Horizon offers a perfect amount of open-world content paired with exceptional combat.
Despite convincing myself I was “burned out” and “done” with massive open-world games, I unsurprisingly jumped on the opportunity to buy Horizon Zero Dawn for its modest sale price of $10 during Sony’s last Black Friday sale. After a comfortable 65 hours of playtime with Horizon, I am glad that I was able to make one more exception for myself.
Yes, Horizon is open-world. Yes, it is massive. Nonetheless, it is far from overwhelmingly massive; unlike other big name open-world titles like Breath of the Wild, Red Dead Redemption 2, and The Witcher 3, it understands how not to overstay its welcome. I know I was asking for it by breaking this “no more open-worlds!” promise to myself, but I truly expected to get overly absorbed in Horizon for several months. By the time I hit the 15-hour mark, I was able to clearly understand that, sure, I was certainly absorbed, but I’ll be done within a month and be able to move on to the next game. This modest grandiosity of Horizon is something I really appreciate about it, since so many games nowadays are all about having the biggest maps with the most stuff to do. Horizon didn’t jump on that bandwagon, and it is so much better for it.
Horizon essentially has two storylines going on. They don’t necessarily parallel each other, but rather one is the cause, and the other the effect. The present day is centuries in the future, and is the main storyline. The secondary storyline takes place in a future nearer to our time period, all of which is revealed through voice and video recordings. This is all seen through the eyes of Aloy, a young woman who was outcast from the Nora tribe. Raised by another Nora outcast, Aloy’s way of life is significantly more isolated from what is considered normal by the Nora people. Ignored, feared and bullied when she encounters other Nora, the young Aloy doesn’t understand why she is hated by the others and why she must stay away. One day, she finds a device that clips onto her ear and reveals information and images that cannot be seen by the naked eye. This is her first link to the “Old Ones,” though it is far from her last. Once she has grown up, Aloy takes part in the Nora ritual “The Proving.” A test of physical and mental endurance for young Nora, The Proving does not exactly go as planned and serves as a gripping way to finally kick off the fascinating storyline in Horizon.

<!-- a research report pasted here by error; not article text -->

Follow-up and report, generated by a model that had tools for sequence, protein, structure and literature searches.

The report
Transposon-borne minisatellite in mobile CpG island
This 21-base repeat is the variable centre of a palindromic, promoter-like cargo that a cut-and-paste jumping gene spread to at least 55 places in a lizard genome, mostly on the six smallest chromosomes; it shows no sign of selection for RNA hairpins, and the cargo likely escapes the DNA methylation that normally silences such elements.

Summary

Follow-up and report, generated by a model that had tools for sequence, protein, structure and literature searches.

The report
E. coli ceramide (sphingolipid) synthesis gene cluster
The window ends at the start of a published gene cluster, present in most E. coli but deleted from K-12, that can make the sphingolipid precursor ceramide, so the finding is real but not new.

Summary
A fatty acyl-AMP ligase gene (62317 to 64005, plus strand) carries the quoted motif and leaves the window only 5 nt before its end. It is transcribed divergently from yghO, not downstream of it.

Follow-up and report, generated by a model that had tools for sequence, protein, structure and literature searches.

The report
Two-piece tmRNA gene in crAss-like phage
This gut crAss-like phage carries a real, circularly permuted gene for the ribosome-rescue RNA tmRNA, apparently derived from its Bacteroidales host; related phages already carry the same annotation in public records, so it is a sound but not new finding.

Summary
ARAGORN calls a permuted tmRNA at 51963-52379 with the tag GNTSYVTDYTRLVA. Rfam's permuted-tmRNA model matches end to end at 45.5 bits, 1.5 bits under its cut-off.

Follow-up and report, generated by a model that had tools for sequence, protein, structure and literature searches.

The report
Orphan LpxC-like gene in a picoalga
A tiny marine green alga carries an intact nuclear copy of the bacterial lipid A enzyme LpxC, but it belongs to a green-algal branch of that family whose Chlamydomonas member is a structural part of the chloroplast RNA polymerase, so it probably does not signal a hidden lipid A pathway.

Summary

The two major plots in Horizon are fantastically woven, and Aloy serves as the heart of both of them. It is hard for me to decide which I liked more: the present day storyline with Aloy, or the past storyline with the Old Ones. On the one hand, I loved how Aloy’s time period shows how life has made a comeback since an apparent extinction of most species – humans included. The people are tribal, they have ridiculous laws, weird clothing and hairstyles, and are loyally bound to imaginary gods, which is ironically reflective of ancient civilizations of our real world. The most intriguing thing about this future is that most animals are nonexistent, and instead we see animalistic machines roaming the land, constantly threatening the people’s well-being.